Sunday, June 21, 2015

"The Council of Conservative Citizens and the Politicians Who Pander to Them"

When Dylann Roof discovered the Council of Conservative Citizens and was radicalized, he was tapping into a deep history of Southern racism.

           John Hill, with the South Carolina Council of Conservative Citizens, speaks during a news conference Monday, Feb. 14, 2000, on the Statehouse grounds in Columbia, S.C. The South Carolina Council of Conservative Citizens says Gov. Jim Hodges is a dishonest politician for taking an active role in the flag issue after promising during the 1998 campaign to stay neutral. Hodges confirmed today that he wants to move the Confederate flag off the Statehouse dome and out of the House and Senate chambers and putit next to the Wade Hampton monument on the Capitol grounds. (AP Photo/Mary Ann Chastain)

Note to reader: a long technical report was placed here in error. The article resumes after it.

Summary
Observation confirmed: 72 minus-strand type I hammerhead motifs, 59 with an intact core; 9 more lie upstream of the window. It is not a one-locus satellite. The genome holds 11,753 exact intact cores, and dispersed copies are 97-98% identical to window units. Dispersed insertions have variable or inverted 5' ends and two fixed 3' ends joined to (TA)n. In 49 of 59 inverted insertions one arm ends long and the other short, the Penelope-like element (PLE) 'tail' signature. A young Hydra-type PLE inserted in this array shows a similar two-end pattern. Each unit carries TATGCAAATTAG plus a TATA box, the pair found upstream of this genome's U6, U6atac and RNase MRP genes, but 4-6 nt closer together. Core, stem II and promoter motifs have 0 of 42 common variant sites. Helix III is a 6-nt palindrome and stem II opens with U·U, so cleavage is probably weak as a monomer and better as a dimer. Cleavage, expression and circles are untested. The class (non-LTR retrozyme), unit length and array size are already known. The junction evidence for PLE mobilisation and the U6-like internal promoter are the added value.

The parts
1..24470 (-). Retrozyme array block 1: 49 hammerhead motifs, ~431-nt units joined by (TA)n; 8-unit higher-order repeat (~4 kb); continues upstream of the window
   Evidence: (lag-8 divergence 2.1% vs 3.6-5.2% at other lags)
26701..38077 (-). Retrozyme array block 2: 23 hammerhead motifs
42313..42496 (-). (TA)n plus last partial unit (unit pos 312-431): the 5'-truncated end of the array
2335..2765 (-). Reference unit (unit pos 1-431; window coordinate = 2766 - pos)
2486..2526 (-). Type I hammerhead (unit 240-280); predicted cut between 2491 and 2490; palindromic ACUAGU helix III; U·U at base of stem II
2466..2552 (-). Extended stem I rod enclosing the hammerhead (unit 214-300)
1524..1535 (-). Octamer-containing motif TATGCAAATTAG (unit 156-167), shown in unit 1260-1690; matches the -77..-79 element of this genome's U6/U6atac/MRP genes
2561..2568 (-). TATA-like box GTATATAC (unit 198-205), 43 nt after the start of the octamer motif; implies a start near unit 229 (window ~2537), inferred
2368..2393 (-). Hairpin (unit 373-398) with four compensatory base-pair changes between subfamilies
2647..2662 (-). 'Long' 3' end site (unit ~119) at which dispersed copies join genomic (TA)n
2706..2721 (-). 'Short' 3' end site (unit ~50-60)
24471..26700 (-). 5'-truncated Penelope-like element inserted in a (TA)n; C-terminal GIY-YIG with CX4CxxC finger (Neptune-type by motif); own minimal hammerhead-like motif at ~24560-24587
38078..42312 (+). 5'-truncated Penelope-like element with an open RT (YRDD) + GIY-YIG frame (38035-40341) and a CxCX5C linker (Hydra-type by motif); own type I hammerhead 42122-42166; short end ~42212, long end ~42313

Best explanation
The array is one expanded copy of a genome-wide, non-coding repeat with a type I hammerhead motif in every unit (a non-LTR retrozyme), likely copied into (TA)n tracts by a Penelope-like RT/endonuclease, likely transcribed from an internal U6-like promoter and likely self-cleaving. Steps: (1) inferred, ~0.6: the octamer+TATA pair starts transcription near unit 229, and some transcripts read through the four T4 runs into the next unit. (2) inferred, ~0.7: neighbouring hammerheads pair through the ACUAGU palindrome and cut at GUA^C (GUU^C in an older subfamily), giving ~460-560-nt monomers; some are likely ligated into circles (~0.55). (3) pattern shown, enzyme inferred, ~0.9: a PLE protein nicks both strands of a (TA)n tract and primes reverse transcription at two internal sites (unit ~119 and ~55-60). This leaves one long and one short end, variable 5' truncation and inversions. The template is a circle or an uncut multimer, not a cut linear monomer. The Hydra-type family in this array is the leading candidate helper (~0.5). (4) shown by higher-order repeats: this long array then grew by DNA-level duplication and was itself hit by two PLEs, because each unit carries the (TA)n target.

(The Daily Beast

In his own words, Dylann Roof’s path from a child “not raised in a racist home or environment” to the 21-year-old white supremacist who shot and killed nine men and women in a historic black church in Charleston last Wednesday evening began with the discovery of a website.

After the murder of Trayvon Martin, an unarmed black teenager, in 2012, Roof claimed he was “awakened.” In the manifesto he published to his personal, Roof wrote that Martin’s murder prompted him to search for “black on White crime [sic],” on Google, which led him to the Council of Conservative Citizens.